"Animal Farm" Is Published
Animal Farm is a dystopian novel by George Orwell.
Published in England on 17 August 1945, the book reflects events leading up to and during the Stalin era before World War II. Orwell, a democratic socialist and a member of the Independent Labour Party for many years, was a critic of Joseph Stalin and was suspicious of Moscow-directed Stalinism after his experiences with the NKVD during the Spanish Civil War. In a letter to Yvonne Davet, Orwell described Animal Farm as his novel "contre Stalin".
The original title was Animal Farm: A Fairy Story, but A Fairy Story was dropped by the US publishers for its 1946 publication. Of all the translations during Orwell's lifetime, only Telugu kept the original title. Other variations in the title include: A Satire and A Contemporary Satire. Orwell suggested for the French translation the title Union des républiques socialistes animales, recalling the French name of the Soviet Union, Union des républiques socialistes soviétiques, and which abbreviates URSA, which means "bear" in Latin.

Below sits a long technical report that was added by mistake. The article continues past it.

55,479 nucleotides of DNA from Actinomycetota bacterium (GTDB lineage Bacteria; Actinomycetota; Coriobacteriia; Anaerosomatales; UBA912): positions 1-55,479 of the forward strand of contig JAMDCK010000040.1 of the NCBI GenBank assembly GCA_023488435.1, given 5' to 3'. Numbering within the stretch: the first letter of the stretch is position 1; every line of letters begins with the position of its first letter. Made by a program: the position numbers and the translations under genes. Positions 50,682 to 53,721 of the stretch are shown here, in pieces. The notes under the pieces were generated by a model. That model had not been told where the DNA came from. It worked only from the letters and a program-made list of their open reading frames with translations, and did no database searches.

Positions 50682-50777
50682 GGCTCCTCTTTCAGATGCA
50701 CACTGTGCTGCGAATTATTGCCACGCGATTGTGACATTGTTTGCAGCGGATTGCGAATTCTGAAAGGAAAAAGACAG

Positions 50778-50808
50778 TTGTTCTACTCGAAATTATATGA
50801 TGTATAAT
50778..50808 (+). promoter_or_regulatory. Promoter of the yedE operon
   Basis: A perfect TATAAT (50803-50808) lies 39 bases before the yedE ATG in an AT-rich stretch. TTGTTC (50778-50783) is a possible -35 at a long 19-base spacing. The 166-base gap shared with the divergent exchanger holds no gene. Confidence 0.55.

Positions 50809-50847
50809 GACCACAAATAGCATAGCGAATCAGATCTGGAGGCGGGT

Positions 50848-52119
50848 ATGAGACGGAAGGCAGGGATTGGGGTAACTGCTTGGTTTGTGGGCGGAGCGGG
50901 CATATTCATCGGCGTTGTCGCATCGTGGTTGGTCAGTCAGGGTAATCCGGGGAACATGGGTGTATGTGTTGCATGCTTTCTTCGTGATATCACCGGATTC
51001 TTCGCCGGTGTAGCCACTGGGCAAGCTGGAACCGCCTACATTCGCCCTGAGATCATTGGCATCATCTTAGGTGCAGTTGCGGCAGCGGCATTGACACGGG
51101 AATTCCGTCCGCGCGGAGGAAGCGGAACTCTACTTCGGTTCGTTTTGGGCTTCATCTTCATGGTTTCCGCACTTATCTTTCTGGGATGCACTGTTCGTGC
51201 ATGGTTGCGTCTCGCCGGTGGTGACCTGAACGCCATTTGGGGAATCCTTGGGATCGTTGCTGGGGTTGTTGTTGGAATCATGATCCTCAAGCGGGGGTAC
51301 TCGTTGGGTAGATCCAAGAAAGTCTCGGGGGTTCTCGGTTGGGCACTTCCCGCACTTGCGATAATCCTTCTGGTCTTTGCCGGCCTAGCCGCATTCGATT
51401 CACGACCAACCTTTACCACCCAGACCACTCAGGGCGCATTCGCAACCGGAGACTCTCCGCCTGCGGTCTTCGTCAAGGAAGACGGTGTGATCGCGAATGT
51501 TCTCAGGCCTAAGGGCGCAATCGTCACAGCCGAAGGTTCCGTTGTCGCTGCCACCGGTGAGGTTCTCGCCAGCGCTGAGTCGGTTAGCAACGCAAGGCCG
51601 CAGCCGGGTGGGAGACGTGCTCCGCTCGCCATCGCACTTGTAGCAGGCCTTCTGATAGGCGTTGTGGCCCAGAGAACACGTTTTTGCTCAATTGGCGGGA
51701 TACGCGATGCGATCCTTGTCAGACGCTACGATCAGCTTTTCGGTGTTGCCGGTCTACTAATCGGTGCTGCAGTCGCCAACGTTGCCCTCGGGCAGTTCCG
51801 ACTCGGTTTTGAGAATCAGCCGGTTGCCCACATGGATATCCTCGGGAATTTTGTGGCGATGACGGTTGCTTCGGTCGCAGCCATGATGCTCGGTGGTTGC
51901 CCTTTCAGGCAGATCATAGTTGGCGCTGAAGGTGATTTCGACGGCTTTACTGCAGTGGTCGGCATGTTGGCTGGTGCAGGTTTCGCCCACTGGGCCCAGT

Time Magazine chose the book as one of the 100 best English-language novels (1923 to 2005), at number 31 on the Modern Library List of Best 20th-Century Novels. It won a Retrospective Hugo Award in 1996 and is also included in the Great Books of the Western World.
Eric Arthur Blair (25 June 1903 – 21 January 1950), better known by his pen name George Orwell, was an English author. His work is marked by a profound consciousness of social injustice, an intense opposition to totalitarianism, a passion for clarity in language and a belief in democratic socialism.
Considered "perhaps the 20th century's best chronicler of English culture," he wrote works in many different genres including novels, essays, polemic journalism, literary reviews, and poetry. His most famous works are the satirical novel Animal Farm (1945) and the dystopian novel Nineteen Eighty-Four (1949).